Teri Hatcher ("Desperate Housewives") was hot as usual, especially when she was standing starkers on the balcony.
Joe Viterelli (Analyze This, Analyze That) was perfect as a mob boss.
Kelly Lynch, Vondie Curtis-Hall ("Chicago Hope") and Mary Stuart Masterson (Benny & Joon) rounded out a great cast in a good movie.
** 1/2 (out of 4)
Former New Orleans detective Dave Robicheaux is forced into retirement after accidentally killing three people. While all of this was going on Dave was also suffering from an alcohol problem, which nearly cost him his life. Two years after retirement he and his wife Annie (Kelly Lynch) move to the Bayou where they open up a bait shop and seem to be living the perfect life. One day while the couple are out on the Bayou a plane crashes nearby their boat. Dave grabs the scuba gear and goes to the sunken plane where he saves a young Mexican girl.
Dave and Annie take the young girl to the hospital where they tell the officials that the child is there's and she was in a simple boating accident. The couple takes the young girl back to their place where they plan on raising her but one day Dave gets a visit from DEA officer. The officer informs Dave that the plane crash wasn't an accident but a murder plot, which Dave has messed up. For some unknown reason he goes to visit a former friend turned stripper (Mary Stuart Masterson) who in return leads him to another former friend turned gangster Bubba Rocque (Eric Roberts). Dave is also introduced to Bubba's former prostitute wife (Teri Hatcher) who seems to have plans outside of her husband's affairs. Not only this but we get another mob boss and three hit men all involved in this mystery, which must be solves by Dave so he can keep the child he rescued.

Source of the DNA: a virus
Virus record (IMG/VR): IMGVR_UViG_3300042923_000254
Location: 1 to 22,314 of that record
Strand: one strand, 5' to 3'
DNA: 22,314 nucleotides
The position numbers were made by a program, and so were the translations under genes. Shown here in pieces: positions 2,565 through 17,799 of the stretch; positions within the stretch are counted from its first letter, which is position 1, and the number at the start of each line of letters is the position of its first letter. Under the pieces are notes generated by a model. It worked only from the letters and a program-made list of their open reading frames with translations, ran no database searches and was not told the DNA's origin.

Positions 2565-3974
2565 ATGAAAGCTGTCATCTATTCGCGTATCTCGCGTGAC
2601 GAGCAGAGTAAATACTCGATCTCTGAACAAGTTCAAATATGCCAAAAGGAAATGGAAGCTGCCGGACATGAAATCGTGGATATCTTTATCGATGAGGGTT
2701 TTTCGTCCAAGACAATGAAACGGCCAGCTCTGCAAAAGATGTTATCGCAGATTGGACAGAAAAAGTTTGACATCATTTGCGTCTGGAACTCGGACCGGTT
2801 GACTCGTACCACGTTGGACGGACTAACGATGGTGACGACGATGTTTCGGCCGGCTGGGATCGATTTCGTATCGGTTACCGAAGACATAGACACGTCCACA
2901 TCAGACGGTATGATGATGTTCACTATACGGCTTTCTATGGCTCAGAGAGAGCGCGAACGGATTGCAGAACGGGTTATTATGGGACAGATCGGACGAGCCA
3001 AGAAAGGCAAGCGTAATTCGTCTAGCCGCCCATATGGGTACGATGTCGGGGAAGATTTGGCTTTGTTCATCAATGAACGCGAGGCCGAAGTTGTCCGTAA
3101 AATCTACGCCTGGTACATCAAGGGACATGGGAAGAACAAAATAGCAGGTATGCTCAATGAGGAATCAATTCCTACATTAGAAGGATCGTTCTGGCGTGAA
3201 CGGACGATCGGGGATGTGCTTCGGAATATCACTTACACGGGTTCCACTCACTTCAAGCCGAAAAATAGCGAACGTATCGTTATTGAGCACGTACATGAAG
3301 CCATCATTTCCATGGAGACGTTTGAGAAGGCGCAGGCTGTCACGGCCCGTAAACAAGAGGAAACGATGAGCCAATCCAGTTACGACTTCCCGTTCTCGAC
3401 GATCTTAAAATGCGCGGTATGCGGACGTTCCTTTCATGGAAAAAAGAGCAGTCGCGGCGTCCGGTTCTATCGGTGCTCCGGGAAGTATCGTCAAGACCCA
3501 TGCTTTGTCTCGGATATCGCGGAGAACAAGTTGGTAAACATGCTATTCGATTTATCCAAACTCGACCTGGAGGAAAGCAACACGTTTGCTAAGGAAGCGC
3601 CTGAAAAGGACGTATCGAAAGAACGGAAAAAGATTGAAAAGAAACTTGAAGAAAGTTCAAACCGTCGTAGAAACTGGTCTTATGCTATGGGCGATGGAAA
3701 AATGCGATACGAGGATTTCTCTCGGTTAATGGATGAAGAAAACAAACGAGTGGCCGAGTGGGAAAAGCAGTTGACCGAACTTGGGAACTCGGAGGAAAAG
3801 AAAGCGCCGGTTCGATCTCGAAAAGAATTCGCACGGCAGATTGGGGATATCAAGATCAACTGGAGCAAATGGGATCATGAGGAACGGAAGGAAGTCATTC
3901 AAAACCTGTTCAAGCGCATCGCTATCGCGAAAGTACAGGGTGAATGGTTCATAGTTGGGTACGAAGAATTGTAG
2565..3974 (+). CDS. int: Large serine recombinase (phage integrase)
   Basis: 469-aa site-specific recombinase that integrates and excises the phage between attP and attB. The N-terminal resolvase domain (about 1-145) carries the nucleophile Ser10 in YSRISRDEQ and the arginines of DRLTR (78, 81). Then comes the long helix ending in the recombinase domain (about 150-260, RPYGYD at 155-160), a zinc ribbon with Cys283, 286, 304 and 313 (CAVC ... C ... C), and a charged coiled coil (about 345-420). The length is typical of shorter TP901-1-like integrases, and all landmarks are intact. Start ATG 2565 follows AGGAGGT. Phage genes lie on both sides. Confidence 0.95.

Heaven's Prisoners is based on the novel by James Lee Burke and while I haven't read this I've heard it's a lot better than the actual movie. The film is an interesting mis-fire, which is so incredibly stupid that one will want to stick through the whole thing just to see how much dumber things can get. The plot is full of so many wholes it's really hard to know what the director or screenwriters were going for. At first it appears to be a political thriller and then we get a Charles Bronson wannabe side plot, which just adds to all the confusion. I mentioned a few of the characters involved in all of this but there are actually more that pop in and out of the movie.
I knew the film was in a lot of trouble within the first ten minutes. After the plane crashes the couple leaves the accident with the child. Within minutes they are at the hospital where they tell everyone that this child is their daughter, although the kid doesn't speak a bit of English. The people in charge are stupid enough to buy all these excuses thrown at them but what I don't understand is why this couple would just take this girl. Perhaps had the screenplay shown them talking about it they could have convinced me but this doesn't happen. We go from a plane crash to them taking the child for no reason, which just leads to more mindless subplots.